When China’s financial markets plunged into crisis in the late summer of 2015, the authorities in Beijing were left panicking. Having encouraged tens of millions of their citizens to invest in the stock market, they were unprepared for the consequences of a mass sell-off.
As millions of small investors began to offload shares, the government responded with public information campaigns promoting the benefits of further investment. It didn’t work, and with the Shanghai Composite tumbling into bear market territory an extraordinary array of measures were implemented.
Large shareholders were banned from selling stocks for six months, hedge funds were corralled into buying up shares and the police were dispatched to round up shortsellers. Journalists, market commentators and traders were also detained, accused of spreading panic and misinformation. Some were even paraded on state TV, confessing to their role in adding to market volatility. It was a dramatic and sobering reminder of what happens when the laws of market economics come up against the will of authoritarian regimes.
This is worth reflecting on now, as Beijing once again readies itself to confront economic uncertainty and market shocks. Having extended the Lunar New Year holiday in a bid to contain the spread of coronavirus, Chinese markets are back in business this week, with a bumpy opening expected.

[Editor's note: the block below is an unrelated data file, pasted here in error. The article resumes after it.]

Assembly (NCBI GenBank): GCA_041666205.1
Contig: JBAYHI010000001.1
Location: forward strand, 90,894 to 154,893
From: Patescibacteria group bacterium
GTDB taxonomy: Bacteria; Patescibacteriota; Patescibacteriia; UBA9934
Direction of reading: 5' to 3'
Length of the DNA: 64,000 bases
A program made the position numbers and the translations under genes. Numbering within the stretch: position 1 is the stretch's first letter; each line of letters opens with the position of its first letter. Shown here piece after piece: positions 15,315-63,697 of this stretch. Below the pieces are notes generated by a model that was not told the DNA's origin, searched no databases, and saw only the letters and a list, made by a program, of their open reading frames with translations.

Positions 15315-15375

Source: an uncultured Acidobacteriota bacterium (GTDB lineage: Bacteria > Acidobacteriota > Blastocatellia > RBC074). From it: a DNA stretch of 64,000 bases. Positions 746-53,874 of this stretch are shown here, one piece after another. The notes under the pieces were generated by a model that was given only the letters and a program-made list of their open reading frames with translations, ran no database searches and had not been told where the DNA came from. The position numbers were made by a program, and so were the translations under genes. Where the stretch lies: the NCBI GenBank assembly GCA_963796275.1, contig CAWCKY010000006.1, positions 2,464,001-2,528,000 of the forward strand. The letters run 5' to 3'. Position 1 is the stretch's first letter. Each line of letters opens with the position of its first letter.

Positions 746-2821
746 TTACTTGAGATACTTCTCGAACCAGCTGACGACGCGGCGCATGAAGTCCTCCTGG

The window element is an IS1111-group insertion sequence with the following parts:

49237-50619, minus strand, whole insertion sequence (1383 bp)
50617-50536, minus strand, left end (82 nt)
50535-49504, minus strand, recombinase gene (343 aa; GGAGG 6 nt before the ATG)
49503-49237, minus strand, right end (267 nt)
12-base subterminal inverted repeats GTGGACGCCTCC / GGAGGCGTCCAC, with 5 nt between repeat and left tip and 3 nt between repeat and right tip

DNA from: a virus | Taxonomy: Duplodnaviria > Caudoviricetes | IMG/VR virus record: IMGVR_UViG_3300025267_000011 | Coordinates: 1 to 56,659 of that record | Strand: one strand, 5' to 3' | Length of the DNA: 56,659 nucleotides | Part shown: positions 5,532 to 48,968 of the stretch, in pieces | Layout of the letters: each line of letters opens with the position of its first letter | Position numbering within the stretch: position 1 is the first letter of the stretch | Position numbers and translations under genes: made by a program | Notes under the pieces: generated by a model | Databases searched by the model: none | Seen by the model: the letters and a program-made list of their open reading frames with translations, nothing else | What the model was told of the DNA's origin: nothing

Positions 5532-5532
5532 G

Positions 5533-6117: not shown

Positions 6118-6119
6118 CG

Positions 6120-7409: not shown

The central bank will pump an unprecedented amount of money into the market, with tens of billions of dollars made available to increase bank lending. In addition, banks will be encouraged not to call in loans made to struggling firms, rules on banks’ reserve requirements will be relaxed, listed companies will be allowed to delay their reporting of first-quarter financials and a cap on the percentage of equities allowed to be held by insurers will also be raised.
All of this was put in place ahead of the market open, but already analysts are debating the likely efficacy of such measures. One analyst at Swissquote Bank told Bloomberg the plan “may look like trying to counter a tsunami with shovels”.
When Chinese markets crashed in 2015, the Shanghai shockwave wiped more than £1 trillion off the value of listed companies around the world, so markets in China this week will be watched even more closely than usual. The virus has whipped up fear across the region. Now we shall see if that fear will be transmitted via global markets.